Aside from the obvious threat to the dominance of the resume, the use of AI in recruitment processes raises additional concerns throughout the process, as reflected in the growing discourse in the human resources community. There is concern about the data that feeds the algorithms and the biased information they provide. Another concern is that AI-powered tools may not be able to accurately assess human traits such as emotional intelligence, creativity, and critical thinking, which are important for many roles.
According to Forbes, artificial intelligence will revolutionize the way companies screen resumes and candidates in their databases. This will level the playing field, forcing candidates and companies to fundamentally change the way they recruit and retain employees. In order to stand out, candidates can no longer rely on cleverly worded resumes. Dagan joins in and adds: "If we compare the division between sources of recruitment today and the year 2001, you will find that the world has drastically changed. Locating candidates on the Internet is becoming a very significant source of recruitment, and recruitment through communities and recruitment programs is developing. To find a job today, you have to conduct yourself in a completely different way. Yes, there will be resumes in the last act, but relying on them to do the hard work for you will make the process much harder." Building and maintaining authentic and professional relationships will do the trick and help people stand out and land the interview. And as automation advances and leverages highly relevant analytics, employers and candidates will increasingly focus on what matters most, a mutual fit.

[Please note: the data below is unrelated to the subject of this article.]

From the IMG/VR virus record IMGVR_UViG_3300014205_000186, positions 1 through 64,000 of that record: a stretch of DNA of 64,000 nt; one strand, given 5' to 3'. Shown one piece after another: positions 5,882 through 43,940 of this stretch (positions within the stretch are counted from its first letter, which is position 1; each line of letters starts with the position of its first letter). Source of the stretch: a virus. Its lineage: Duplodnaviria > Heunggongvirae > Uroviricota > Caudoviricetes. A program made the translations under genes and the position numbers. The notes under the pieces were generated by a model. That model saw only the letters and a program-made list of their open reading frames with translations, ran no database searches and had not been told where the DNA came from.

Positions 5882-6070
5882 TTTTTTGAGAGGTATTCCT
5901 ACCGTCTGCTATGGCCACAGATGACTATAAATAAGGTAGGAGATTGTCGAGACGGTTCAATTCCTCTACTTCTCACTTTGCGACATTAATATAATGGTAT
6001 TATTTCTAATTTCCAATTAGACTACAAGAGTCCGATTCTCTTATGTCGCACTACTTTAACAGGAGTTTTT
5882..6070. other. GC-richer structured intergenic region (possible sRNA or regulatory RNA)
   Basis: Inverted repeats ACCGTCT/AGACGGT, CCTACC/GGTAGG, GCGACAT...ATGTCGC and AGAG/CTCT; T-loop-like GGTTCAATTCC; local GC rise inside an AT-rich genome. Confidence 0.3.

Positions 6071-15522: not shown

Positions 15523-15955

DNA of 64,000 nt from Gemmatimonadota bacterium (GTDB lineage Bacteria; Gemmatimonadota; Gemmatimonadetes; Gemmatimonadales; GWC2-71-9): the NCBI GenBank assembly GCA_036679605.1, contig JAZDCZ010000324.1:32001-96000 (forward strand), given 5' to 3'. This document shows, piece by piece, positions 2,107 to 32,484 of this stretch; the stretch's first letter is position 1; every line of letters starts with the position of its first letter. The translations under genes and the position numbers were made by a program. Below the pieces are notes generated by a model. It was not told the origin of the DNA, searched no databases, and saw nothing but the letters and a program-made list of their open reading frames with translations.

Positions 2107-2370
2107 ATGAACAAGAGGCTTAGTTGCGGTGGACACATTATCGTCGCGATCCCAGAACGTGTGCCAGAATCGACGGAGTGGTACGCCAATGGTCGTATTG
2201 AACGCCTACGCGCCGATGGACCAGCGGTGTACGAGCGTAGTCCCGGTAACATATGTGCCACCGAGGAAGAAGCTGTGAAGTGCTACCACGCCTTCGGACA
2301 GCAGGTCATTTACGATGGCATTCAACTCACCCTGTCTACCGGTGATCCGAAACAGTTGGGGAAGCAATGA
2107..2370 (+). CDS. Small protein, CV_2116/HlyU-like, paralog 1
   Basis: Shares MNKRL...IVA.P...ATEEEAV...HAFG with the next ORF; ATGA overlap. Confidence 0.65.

Since the written word alone can no longer be trusted, we need to go back to testing the candidates in real-time, asking difficult questions and observing their ability to respond, solve problems, improvise, and behave as we would expect from the candidate we are asking to add to our team. Such a move has a price that we all know from the times when hiring was done in this way - loss of significant time of valuable personnel in the company.
But as technology progressed, new options emerged based on virtual simulations. Instead of asking the hiring manager or recruiters to take more time to deeply examine the abilities and suitability of each candidate individually, the conditions of the job can be recreated and real scenes from everyday life on the job can be staged, through virtual simulations. In today's market, there are already companies such as the Israeli TaTiO and the Australian Vervoe offering such a solution. Candidates are required to play some sort of computer game that simulates the work environment in which they will be asked to work, as well as introduce complex situations to determine their suitability. The simulations examine the candidate's performance in real-time and at the end of each simulation the recruiters receive a score that rates their performance in the simulation as well as their suitability for the position in question, and for other positions based on their performance. This is an automated process that saves time on the recruiter's side while also providing important insights about the role to those interested in it.
We seem to have two choices: either we take a step back and return to how we sorted employees before the automated process, or we take a step forward and deepen the assimilation of the recruitment processes in the digital space, leading to new methods of recruiting, sorting and evaluating employees. Regardless of the choice, the present situation needs to change significantly in order to avoid being left behind.